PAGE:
If you have an herbivorous reptile, feeding time can be quite a bit easier than feeding their carnivore counterparts, but it’s not without its own set of challenges from time to time. The feeding process is less gruesome, since you’re generally just making up small salads, but making sure everything is fresh and ready to go and is removed before attracting unwanted bugs can require some planning and practice. If you like to eat salads yourself, then it will often work out well and will give you even more reason to have great ingredients for making salads available in your home at all times.
Digestive process in herbivores
Herbivores break down their food primarily in their colon, and the breakdown occurs with the application of heat and bacteria in their gut, which causes fermentation of the food. So, it’s important to keep your reptile at proper temperature, especially when feeding so that they are able to digest their food. The slower the food passes through the animal, the more efficiently they can uptake nutrients from it, so a diet that contains too much fiber will cause the food to pass through too quickly, reducing its benefit to the animal.
Commercially prepared/canned reptile foods
These foods are meant to be a supplement to fresh vegetables and fruits. Never use commercially prepared canned food as your reptile’s sole source of food. You can mix this food in with your fruits and vegetables to add variety, but be aware that some reptiles may refuse to eat if it is mixed in. Using a good vitamin supplement or calcium supplement is important as well, depending on the needs of the particular reptile you are keeping.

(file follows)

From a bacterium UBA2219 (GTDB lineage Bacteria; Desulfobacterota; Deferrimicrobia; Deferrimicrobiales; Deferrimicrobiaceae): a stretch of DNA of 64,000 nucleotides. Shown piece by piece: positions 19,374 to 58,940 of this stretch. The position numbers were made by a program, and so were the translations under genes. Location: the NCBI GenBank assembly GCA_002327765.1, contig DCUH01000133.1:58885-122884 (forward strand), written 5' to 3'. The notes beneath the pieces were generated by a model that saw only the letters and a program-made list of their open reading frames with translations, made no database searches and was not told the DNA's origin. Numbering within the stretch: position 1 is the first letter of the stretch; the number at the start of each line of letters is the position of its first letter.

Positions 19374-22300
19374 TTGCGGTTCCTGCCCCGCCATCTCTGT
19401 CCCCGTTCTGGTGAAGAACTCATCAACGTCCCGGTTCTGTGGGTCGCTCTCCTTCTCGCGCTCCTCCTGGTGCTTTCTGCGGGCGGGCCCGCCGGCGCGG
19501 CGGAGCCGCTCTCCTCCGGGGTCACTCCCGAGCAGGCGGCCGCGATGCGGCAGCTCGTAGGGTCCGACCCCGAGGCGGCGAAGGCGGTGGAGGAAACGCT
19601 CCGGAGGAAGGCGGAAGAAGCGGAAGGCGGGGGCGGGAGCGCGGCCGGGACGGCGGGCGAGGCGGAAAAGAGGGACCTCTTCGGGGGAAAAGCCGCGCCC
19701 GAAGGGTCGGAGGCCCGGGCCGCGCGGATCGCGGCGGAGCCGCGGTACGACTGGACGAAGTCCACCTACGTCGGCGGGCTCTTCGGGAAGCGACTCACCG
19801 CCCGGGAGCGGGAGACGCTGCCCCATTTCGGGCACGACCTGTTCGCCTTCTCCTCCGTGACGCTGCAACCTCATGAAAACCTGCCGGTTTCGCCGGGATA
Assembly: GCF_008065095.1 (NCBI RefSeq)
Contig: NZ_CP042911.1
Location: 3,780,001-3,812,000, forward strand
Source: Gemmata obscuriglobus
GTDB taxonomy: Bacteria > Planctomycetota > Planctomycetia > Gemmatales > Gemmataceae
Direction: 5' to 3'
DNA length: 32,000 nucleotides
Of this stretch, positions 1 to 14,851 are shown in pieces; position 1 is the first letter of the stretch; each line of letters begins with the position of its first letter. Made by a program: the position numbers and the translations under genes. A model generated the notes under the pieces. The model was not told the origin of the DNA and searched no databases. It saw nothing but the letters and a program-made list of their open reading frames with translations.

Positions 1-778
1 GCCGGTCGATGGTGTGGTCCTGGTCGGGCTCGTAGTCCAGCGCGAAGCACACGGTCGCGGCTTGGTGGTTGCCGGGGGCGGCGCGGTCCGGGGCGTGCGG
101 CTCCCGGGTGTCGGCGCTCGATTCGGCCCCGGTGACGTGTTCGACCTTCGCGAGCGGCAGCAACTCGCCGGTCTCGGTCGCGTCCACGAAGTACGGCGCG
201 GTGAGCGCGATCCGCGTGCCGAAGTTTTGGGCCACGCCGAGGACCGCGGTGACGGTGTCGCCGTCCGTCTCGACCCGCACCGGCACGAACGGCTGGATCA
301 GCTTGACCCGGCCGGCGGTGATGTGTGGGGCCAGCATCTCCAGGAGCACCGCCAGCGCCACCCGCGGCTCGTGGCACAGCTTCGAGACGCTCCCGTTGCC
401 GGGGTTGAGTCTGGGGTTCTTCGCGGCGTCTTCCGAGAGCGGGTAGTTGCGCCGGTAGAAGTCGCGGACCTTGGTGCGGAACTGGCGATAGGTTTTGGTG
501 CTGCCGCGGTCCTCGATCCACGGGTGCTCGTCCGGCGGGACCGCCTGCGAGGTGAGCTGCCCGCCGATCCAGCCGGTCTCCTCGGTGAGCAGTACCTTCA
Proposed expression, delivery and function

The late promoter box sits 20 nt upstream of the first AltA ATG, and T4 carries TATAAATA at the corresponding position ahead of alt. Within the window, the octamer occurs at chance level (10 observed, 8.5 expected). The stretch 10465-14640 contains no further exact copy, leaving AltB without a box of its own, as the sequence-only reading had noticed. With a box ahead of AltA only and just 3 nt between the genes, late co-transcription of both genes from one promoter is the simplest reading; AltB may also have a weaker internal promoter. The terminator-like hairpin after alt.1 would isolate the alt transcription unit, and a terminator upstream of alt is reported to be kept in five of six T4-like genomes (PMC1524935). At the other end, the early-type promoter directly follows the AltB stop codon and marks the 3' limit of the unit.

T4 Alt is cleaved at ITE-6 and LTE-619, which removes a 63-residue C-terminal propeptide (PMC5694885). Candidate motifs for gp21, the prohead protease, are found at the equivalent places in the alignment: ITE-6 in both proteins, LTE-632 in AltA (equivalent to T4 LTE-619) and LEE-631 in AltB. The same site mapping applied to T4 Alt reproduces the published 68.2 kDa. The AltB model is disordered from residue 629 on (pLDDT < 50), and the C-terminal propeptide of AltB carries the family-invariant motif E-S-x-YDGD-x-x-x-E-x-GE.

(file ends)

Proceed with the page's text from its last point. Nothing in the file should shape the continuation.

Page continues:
Good fruit and vegetable choices
Variety is the key when feeding your herbivores, but an herbivore’s diet should be composed primarily of vegetable material and not too much in the way of fruit. Some suggestions for fruits and vegetables include:
- Collard greens
- Mustard greens
- Romaine lettuce
- Bok choy
- Green onions
- Green beans
- Sweet bell peppers
- Frozen mixed vegetables
Remember, a high percentage of your herbivore’s food should be leafy greens and vegetables, and only a very small percentage should be fruit. Remember that each type of reptile will have recommended percentage of fruit and vegetables specific to that animal, and it is your job as a responsible reptile owner to do your research before you purchase the animal.
Fruits and vegetables to avoid
Cabbage should be avoided, as it can interfere with calcium absorption in reptiles. You can occasionally feed your herbivore broccoli and cauliflower, but not daily.
Unlike with carnivorous animals, it is quite safe to feed your herbivore inside of its habitat. Generally, the best way is with a shallow food bowl, or on a flat container lid of some sort. Choose the size of the dish carefully, so it is not too large or too small for your animal. Every animal has its own way of feeding. Some reptiles climb right up on top of the food pile and start eating their way down (this can get messy), while others sit beside the food and eat without making as much of a mess. Once your animal has eaten and walked away from the food dish, remove the food from the habitat and dispose of it. If you feed outdoor birds or animals, throwing those leftover fruits and veggies out to them can be a nice treat or if appropriate, you can add them to a compost system for your garden if you keep one.
Unless your animal is specifically a fruit eater by nature, you should stick with about 80% vegetables and at most 20% fruits as a mix. For some animals, that may be too much fruit, so please be sure to do plenty of research beforehand on the requirements of your particular animal.